Henry James Whigham

H.J. Whigham was born Christmas Eve 1869 in Tarbolton, Scotland, to one of the more prominent families of British society. He had four brothers, all of whom carved distinguished careers in either British finance or politics or the army. H.J. Whigham graduated in 1893 from Queens College, Oxford University, where he had captained the school¹s golf team the previous year. Whigham and several of his fellow golfing Oxonians came to America in summer 1893 for the Chicago World's Fair to demonstrate how golf should be played. This was arranged by Charles B. Macdonald, who was acquainted with Whigham's father, David Dundas, while they were students at the University of St Andrews in Scotland.

Whigham again returned to Chicago in 1895 as an instructor of English and economics at Lake Forest College, and as a guest lecturer at a variety of Midwestern universities. During this time, Whigham assisted Charles B. Macdonald, Herbert James Tweedle, and Robert and James Foulis in designing the original nine holes (now the incoming nine) at the Onwentsia Club, at which Whigham was a regular dues-paying member. He won the U.S. Amateur in 1896 and 1897, a much-admired feat. Following his first win in the U.S. amateur, he wrote a golf instruction book, How to Play Golf.

From 1895 to 1897, Whigham was drama critic for the Chicago Tribune.He left in 1898 and spent the next seven years as a war correspondent, beginning with the Spanish-American War in 1898. He then went to China to cover the Boxer Uprising and from there went to Manchuria, intrigued by the Russian occupation which he describes in his book Manchuria and Korea. This was written late in 1903 and published in 1904 without the more general chapters he otiginally intended to add. Instead he went on as a reporter to cover the war between Russia and Japan. He visited Korea in 1902, it seems, and describes his impressions (he stayed at the British Embassy) in a lively, journalistic style.

In 1907 , Whigham returned to the U.S. to help his friend Macdonald design of the National Golf Links of America in Southampton , N.Y. While Whigham assisted in the creation of one of America's great golf links , the summer moonlight in Southampton was spinning its magic upon him.Whigham was also falling in love with Charles B. Macdonald's daughter , Frances.The two were married in 1908 and eventually produced a daughter, Sybil.

At age 41 , in 1910 , Whigham became editor-in-chief of Town & Country magazine , a position he held for 25 years.Whigham's views included support for then-unpopular causes.On U.S. foreign policy , he was a staunch anti-isolationist.He also backed the Woman's Suffrage movement.In the 1920s , as golf courses were sprouting up across America and the country club was establishing itself as a unique social institution , Whigham was an editor at the right place and time.He regularly reported on national and international championships , and his knowledge of tournament golf and of course design gave his profiles of new courses a rich authority.He also displayed a romantic and literary prose style.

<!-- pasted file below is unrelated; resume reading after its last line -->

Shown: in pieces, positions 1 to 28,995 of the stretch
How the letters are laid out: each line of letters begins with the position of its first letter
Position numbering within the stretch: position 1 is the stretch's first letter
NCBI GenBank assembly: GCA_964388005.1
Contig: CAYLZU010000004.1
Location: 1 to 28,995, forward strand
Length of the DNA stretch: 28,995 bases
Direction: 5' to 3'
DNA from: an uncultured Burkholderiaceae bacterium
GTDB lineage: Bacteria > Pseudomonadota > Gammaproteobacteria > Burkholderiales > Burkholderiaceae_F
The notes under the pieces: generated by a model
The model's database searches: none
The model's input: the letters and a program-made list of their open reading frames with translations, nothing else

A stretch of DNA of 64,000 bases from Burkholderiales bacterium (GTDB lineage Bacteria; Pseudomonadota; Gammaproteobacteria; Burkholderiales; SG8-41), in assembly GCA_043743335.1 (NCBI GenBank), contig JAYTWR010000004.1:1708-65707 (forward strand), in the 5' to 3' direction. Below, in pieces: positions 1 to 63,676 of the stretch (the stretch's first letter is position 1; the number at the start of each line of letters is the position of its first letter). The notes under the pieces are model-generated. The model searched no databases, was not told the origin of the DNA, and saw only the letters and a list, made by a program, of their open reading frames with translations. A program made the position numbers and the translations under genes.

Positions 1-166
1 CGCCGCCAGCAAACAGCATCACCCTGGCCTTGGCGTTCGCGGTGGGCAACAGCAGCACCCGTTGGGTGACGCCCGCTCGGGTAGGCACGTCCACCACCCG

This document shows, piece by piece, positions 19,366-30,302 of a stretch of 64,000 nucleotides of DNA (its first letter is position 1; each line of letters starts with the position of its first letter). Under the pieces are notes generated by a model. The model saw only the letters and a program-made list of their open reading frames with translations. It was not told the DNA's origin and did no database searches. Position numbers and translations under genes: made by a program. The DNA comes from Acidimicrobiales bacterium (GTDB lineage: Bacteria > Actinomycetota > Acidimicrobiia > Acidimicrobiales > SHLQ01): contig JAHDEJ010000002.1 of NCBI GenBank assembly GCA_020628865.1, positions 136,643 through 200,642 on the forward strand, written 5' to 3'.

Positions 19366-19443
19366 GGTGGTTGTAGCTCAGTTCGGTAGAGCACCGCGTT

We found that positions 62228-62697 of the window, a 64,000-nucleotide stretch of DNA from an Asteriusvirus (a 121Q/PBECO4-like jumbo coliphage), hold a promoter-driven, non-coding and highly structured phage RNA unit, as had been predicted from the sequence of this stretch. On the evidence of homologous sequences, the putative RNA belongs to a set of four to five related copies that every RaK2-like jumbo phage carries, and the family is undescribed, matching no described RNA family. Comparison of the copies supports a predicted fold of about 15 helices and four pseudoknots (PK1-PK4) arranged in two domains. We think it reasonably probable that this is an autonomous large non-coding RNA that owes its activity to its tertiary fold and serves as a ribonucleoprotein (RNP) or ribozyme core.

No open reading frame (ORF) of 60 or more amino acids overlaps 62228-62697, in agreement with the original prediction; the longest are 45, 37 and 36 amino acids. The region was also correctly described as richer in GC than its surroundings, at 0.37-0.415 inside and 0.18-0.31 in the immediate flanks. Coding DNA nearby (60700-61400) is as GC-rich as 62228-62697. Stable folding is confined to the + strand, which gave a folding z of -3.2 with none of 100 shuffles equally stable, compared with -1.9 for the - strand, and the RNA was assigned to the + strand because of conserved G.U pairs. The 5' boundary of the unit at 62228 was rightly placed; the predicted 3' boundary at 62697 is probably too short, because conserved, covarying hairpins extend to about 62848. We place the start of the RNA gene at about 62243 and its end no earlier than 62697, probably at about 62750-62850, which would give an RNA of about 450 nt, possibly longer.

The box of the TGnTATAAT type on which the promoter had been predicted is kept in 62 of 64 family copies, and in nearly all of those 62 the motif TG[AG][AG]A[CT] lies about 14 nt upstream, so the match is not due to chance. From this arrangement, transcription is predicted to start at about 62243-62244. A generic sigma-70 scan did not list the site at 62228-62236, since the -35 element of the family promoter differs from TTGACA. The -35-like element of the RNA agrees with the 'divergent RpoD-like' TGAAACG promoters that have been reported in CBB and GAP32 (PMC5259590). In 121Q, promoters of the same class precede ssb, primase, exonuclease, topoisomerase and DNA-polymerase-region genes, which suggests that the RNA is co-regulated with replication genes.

Whigham authored several books on international politics and conflict, including The Persian Problem, published in 1903, and Manchuria and Korea, which came out in 1904 while he was reporting on the Russo-Japanese War. In 1936 he wrote The New Deal : English and American.

On March 17 , 1954 , at age 84 , Whigham died in Southampton , N.Y. , less than two miles from Shinnecock Hills Golf Club , where a half-century before he had captured a second U.S. Amateur

His father, David Dundas Whigham, was born 22nd August 1832, St Stephens, Edinburgh, Midlothian, Scotland and  died 27th October 1906, Prestwick, Ayrshire, Scotland.

His oldest brother made really good: Major-Gen. Sir Robert Dundas Whigham, K.C.B.,K.C.M.G.,D.S.O.— Cr.K.C.B.1917,  K.C.M.G. 1919. Eldest son of David Dundas Whigham, Esq., of Dunearn, Prestwick, Ayrshire, who d. 1906, by Ellen Murray, dau. of the late James Campbell, Esq., of Craigie, Ayrshire ; fc. 1865 ; m. 1899 Isabel Adeline, younger daughter of the late Frederick A. Muntz, Esq., of Rossmore, Leamington. Sir Robert Whigham, who was educated at Fettes Coll. and at the R. Mil. Coll., Sandhurst, is a Major-Gen., late R. Warwickshire Regt., and a Comm. of the Legion of Honour and of the Belgian Order of Leopold ; was .A.D.C. to the Gen. Officer Comm. the Highland Brigade and subsequently D.A.A.G. at Headquarters in S.Africa 1899-1902; a D.A.A.G. 1906-9 ; a Gen. Staff Officer at the War Office 1909-14' Sub-Chief of the Gen. Staff, with the rank of Major-Gen., 1914-15, and Deputy Chief of the Imperial Gen. Staff and a Member of the Army Council Dec. 1915-1 918 ; appointed to the Expeditionary Force in France 1918 and to command a Div. 1919 ; has the Russian Order of St. Vladimir, 4th Class, the Japanese Order of the Rising Sun, 2nd Class, and the French Croix de Guerre.— Naval and Military Club. See portrait.